Lina Günter has been a PhD student at the Helmholtz Institute Würzburg (HIRI) since 2021. As part of the HIRI graduate program “RNA & Infection”, she is researching the respiratory syncytial virus (RSV). However, it was already some time ago that she discovered her passion for biochemistry.
“Biochemistry is about understanding how everything interacts at the molecular level. It's incredibly exciting,” says HIRI PhD student Lina Günter. Even in school, chemistry and biology were among her favorite subjects. “Chemistry fascinated me from the very beginning, partly thanks to my amazing teachers, who sparked my curiosity for the realm of atoms and molecules. In biology, on the other hand, I have always been intrigued by the way biochemical processes take place, interlock and ultimately make up our complex bodies,” she recalls. While still in high school, Lina had the opportunity to experience laboratory work first-hand during an internship at the Department of Microbiology at the University Hospital in Bonn. “After graduating from high school, I decided to continue my education by studying biochemistry at the University of Heidelberg. Especially in the master's program, we had a great deal of autonomy due to the limited required courses and the large number of elective ones. There was also a strong emphasis on hands-on work, so I was able to spend a lot of time in the lab,” she says. From novel RNA and protein modifications in bacteria to epitranscriptomics in bladder cancer and giant viruses affecting unicellular organisms, Lina got to know a wide range of topics during her time in various labs in Heidelberg, including the German Cancer Research Center (DKFZ) and the Max Planck Institute for Medical Research.
An internship at a Heidelberg-based startup that provides analytics for the pharmaceutical industry gave her insight into non-academic research. “I really enjoyed working in an industrial environment. I learned a lot, especially regarding the structuring and documentation of my experiments. I was also able to gain experience using new equipment that I was not familiar with from the academic setting, such as an analytical ultracentrifuge,” she recalls. For her master's thesis, Lina went back to university, or more specifically, the University Hospital in Heidelberg, where she investigated the influence of an anticancer drug on RNA decay. And even after that, she wasn't done with academic research. “I wanted to keep doing research in the lab, so a PhD was the obvious next step. Besides, having a doctorate gives you better career opportunities later on,” she states. So it was clear to Lina that she wanted to obtain a PhD.
A spotlight on RNA
By this time, she was already familiar with the Helmholtz Institute for RNA-based Infection Research (HIRI) in Würzburg. “Since I had dealt with RNA-binding proteins in my master's, the HIRI was a perfect fit,” says Lina. She also appreciated the institute's focus on infections: “You know what you are researching for. Your own results can have a real impact on many people's health, especially when it comes to developing novel antiviral drugs.”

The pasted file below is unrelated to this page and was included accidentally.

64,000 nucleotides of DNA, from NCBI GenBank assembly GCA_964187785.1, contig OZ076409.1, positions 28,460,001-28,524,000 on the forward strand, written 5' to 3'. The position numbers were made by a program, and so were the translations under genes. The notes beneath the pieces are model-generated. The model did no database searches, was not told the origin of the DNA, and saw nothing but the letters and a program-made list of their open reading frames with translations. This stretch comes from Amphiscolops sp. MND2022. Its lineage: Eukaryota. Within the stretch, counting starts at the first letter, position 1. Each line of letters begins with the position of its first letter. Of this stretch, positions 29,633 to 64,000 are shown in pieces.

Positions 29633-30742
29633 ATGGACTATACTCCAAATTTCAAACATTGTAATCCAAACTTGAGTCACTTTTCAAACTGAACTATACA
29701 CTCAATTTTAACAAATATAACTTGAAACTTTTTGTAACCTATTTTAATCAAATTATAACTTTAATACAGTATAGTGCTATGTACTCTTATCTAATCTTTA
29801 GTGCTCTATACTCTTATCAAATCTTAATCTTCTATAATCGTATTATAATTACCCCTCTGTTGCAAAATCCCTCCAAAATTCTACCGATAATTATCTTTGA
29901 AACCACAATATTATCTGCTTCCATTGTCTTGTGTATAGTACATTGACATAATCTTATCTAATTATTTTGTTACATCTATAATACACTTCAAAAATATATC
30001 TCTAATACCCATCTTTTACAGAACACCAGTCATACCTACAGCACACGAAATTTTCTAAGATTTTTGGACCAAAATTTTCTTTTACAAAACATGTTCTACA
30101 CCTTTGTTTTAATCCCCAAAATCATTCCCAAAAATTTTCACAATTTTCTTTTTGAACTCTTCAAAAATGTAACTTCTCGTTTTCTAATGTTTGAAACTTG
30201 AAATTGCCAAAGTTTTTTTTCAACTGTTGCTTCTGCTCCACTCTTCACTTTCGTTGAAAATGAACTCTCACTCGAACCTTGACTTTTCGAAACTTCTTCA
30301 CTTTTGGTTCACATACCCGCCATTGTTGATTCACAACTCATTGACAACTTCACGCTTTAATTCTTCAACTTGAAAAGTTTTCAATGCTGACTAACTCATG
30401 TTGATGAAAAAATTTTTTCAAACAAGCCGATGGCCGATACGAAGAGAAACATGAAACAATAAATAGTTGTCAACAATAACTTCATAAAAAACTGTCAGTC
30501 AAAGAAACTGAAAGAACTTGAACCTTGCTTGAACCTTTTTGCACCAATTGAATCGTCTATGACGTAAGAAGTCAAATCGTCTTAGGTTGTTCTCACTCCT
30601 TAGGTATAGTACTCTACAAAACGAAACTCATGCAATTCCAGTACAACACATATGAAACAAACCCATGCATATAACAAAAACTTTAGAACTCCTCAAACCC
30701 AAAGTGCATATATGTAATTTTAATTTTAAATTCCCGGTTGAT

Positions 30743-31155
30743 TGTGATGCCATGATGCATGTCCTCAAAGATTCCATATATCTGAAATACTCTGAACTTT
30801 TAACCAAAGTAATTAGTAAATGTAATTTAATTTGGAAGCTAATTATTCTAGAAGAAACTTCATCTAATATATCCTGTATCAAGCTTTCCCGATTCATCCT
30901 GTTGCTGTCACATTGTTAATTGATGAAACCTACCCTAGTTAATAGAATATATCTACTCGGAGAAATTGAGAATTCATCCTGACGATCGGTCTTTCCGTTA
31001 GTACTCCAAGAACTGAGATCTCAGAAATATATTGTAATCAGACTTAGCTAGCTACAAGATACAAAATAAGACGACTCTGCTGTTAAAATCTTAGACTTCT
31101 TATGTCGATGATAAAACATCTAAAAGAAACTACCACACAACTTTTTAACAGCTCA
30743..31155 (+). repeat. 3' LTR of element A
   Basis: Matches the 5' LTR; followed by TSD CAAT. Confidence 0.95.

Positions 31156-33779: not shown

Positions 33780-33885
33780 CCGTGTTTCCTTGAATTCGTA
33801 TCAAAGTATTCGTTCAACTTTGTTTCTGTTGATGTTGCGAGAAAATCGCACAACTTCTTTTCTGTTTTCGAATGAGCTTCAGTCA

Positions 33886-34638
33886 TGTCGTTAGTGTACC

Now a PhD student in Mathias Munschauer's lab, Lina studies the respiratory syncytial virus, or RSV. “The virus is very common; almost every child under the age of two will be infected at least once. Even after overcoming the infection, it is possible to contract RSV again and again throughout one's life. And although the virus sometimes causes severe infections in newborns, there is currently no specific antiviral therapy,” Lina explains. Through her research, she aims to understand how the virus takes advantage of host cells. She is particularly interested in the human proteins that bind to the viral RNA. “I want to find out which proteins play a role in the replication of the virus—and whether they might be targets for potential therapies,” Lina explains.
One of the things she values about HIRI is the good equipment. “Whether qPCR, FACS or sequencing—we have a lot of equipment for different applications,” says Lina. But she also likes the thematic focus of the institute, which puts RNA at the center and brings together what can be very different fields of research. Lina also appreciates the team spirit at the institute and in her group in particular: “My colleagues are incredibly kind and supportive, we often collaborate to answer questions and tackle challenges. Of course, we all work on our own projects, yet we also support each other when, for example, complex experiments are pending.”
She moved from Heidelberg to Würzburg in order to become part of the HIRI graduate program. “The two cities have a lot in common, so I settled in quickly. Of course, this was also due to my research group. My colleagues made me feel at home very quickly,” she notes. What she likes most about Würzburg is the Hofgarten, the court garden of the Residence: “It is always nice to take a walk there. No matter who is visiting me, a tour of the Hofgarten is on the agenda.” Otherwise, Lina likes to spend her spare time on her racing bike, which she uses to explore the area around Würzburg, or running. “When I jog through the vineyards in the morning and watch the sun rise over the city, it's really wonderful.” That's why Lina's tip for newcomers to Würzburg is to experience the sunrise in the vineyards.